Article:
By Melissa Uhl, Policy & Partnerships at Energy Excelerator
After 4 legs and 30 hours of travel, a third of the Energy Excelerator team arrived in Marrakech, Morocco, for meetings in conjunction with the United Nations COP22 conference.
Amongst many noteworthy conversations, Dr. Jonathan Pershing, lead climate negotiator for the US, shared 5 key perspectives on the Conference of the Parties (“COP”) process and his focus for the next 5 years.
(1) He said that at this COP, we moved from a negotiation framework to an implementation framework, which means we are now engaging different groups and cohorts in the process — civil society, faith groups, business, press, and entrepreneurs. It is up to each country to put together an action plan, and Pershing noted that these plans must be concrete enough to act on tomorrow. He said that although we have many of the technologies and solutions necessary to be successful, these must be scaled dramatically and moved to market more quickly. We need to do with new solutions in general what we have done already with solar, which is now at a record low 2.4 cents/kWh in the UAE.
(2) Pershing said that the biggest obstacle we are facing is inertia. This, coupled with how long it takes new technology to get to market, makes transitioning to low-carbon economies particularly hard. We are not filling a void, but are instead replacing old technologies with new ones, which takes time — especially when we are comfortable with the status quo, and can flip the switch to turn a light on or drive down the road to fill up our car with gas. Changing habits is difficult.
(3) Pershing also noted that cities are the new unit of progress. Focusing on the city as a system of interconnected sectors shifts our way of thinking about solutions out of sector-silos and into systems. Linking the transportation system, water system, sewage system, agricultural system, and energy system is not a revolutionary idea, but the shift changes the perspective and the business models and ROI equations.
(4) The US hosted the first climate negotiation round in 1990 under a Republican president, and all measures passed without a glitch. He said all of this happens in cycles and climate policy can be bipartisan if framed correctly. This election was a major missed opportunity to frame climate change as an economic opportunity, instead of a problem. We failed to craft a vision for coal mining and other fossil fuel-dependent communities and describe how the transition will happen … and how it can be economically beneficial.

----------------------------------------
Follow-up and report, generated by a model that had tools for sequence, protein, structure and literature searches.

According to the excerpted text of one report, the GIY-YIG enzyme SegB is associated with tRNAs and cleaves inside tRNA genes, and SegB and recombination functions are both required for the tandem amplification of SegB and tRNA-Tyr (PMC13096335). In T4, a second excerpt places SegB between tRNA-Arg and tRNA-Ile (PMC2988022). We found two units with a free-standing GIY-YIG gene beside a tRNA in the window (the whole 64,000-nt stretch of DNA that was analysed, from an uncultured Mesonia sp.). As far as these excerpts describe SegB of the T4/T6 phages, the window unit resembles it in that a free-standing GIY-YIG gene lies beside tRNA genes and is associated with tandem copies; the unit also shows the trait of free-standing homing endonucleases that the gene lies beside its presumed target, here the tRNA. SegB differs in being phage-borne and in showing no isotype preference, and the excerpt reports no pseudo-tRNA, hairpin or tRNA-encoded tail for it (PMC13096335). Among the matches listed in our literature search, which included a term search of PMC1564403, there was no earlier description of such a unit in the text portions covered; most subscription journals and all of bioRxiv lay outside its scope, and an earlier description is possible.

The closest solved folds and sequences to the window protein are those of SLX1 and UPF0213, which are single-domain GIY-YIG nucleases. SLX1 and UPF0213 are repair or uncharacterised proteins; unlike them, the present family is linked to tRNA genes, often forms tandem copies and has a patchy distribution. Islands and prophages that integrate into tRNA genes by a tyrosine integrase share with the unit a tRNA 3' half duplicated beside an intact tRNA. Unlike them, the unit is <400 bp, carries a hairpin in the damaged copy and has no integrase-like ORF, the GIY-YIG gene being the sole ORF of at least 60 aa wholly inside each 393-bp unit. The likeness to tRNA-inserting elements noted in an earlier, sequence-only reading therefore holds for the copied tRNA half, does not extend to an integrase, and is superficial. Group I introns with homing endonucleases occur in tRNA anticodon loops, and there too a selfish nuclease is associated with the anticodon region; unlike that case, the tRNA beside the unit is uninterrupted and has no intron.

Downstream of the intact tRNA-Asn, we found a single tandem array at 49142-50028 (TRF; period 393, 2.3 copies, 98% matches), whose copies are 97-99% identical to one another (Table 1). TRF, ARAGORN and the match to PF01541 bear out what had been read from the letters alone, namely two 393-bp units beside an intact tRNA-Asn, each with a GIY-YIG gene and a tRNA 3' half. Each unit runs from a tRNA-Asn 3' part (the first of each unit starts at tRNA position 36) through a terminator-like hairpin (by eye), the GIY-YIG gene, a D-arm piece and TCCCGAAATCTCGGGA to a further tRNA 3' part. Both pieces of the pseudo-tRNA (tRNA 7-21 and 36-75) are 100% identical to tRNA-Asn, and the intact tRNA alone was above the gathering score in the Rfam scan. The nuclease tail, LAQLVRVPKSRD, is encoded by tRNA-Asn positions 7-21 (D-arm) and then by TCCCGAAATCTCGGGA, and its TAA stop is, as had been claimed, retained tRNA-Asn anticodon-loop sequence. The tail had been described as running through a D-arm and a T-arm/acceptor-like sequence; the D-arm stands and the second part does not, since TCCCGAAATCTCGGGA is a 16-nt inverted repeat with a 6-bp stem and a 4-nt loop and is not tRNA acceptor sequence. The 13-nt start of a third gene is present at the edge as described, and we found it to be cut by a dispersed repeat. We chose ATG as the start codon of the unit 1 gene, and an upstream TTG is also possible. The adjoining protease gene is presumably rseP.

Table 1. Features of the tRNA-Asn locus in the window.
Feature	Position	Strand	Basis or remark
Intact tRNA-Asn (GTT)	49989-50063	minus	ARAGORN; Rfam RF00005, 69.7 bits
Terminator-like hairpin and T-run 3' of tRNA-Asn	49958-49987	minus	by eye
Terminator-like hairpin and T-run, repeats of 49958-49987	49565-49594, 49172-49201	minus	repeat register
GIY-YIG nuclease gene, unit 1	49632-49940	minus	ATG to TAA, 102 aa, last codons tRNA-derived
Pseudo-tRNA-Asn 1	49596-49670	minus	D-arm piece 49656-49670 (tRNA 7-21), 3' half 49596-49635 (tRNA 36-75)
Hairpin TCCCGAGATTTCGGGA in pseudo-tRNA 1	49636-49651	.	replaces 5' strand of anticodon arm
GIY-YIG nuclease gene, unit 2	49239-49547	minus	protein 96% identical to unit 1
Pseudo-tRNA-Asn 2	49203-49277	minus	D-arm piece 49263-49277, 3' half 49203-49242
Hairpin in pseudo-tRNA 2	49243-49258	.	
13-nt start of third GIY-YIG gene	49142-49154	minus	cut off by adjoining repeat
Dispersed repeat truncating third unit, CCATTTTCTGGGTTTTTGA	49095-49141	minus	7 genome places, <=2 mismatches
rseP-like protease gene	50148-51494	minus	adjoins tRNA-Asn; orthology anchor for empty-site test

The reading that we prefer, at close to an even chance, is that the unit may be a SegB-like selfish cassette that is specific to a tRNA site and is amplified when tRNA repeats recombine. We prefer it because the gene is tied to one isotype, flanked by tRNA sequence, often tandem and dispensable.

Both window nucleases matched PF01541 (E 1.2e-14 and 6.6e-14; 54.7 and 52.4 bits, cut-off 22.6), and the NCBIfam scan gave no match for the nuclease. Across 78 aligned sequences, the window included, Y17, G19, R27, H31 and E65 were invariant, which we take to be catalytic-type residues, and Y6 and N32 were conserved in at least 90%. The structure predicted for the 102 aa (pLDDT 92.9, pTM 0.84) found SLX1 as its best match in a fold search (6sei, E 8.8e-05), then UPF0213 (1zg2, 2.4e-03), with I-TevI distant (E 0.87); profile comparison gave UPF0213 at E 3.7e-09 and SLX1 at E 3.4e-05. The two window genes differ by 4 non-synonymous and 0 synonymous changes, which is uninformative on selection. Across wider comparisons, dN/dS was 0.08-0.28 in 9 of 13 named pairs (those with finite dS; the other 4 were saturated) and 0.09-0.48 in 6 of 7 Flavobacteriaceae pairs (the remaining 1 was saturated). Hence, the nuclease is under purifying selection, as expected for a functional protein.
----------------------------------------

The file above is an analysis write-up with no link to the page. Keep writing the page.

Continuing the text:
This reminded us of another illuminating speaker — William McDonough, architect, designer, and innovator, who shared his new language around carbon with us. McDonough argues that we need to shift our framing and thus relationship with carbon, from viewing it as an atmospheric toxin to a misplaced resource. He wants to use a new language around climate that reflects the quality of the carbon itself. He points out that any element in the wrong amount and place is a toxin, and that this is the state of carbon in our terrestrial and atmospheric system. Instead of always being a toxin, McDonough wants us to view carbon as not only fugitive (escaped to the wrong place), but also durable (recycling within our man-made systems), and living (deposited back in the natural carbon cycle — in trees, soils, oceans).
(5) Looking to the future, Pershing said that what we really need is action. Each country will report back in 5 years on the progress we have made internally on reaching our individual goals. He encouraged people to keep with a positive and moral frame and to do what energizes them. Those of us in the business of climate, clean energy, and sustainable technology do not need to change our course, but need to grow and scale our course. We need to be bigger and bolder. Anything and everything helps, he said. But to be clear, this is not a problem we are going to fix before we’re in a world of hurt — it’s moving way too fast.
And with that, we returned to Hawaii, but not before debuting our newest EEx video. Its message is well aligned with Pershing’s advice: it is up to people to transform a system and a place. Paris set up the goals and metrics; Marrakech is the call to the rest of us, the people, for action.
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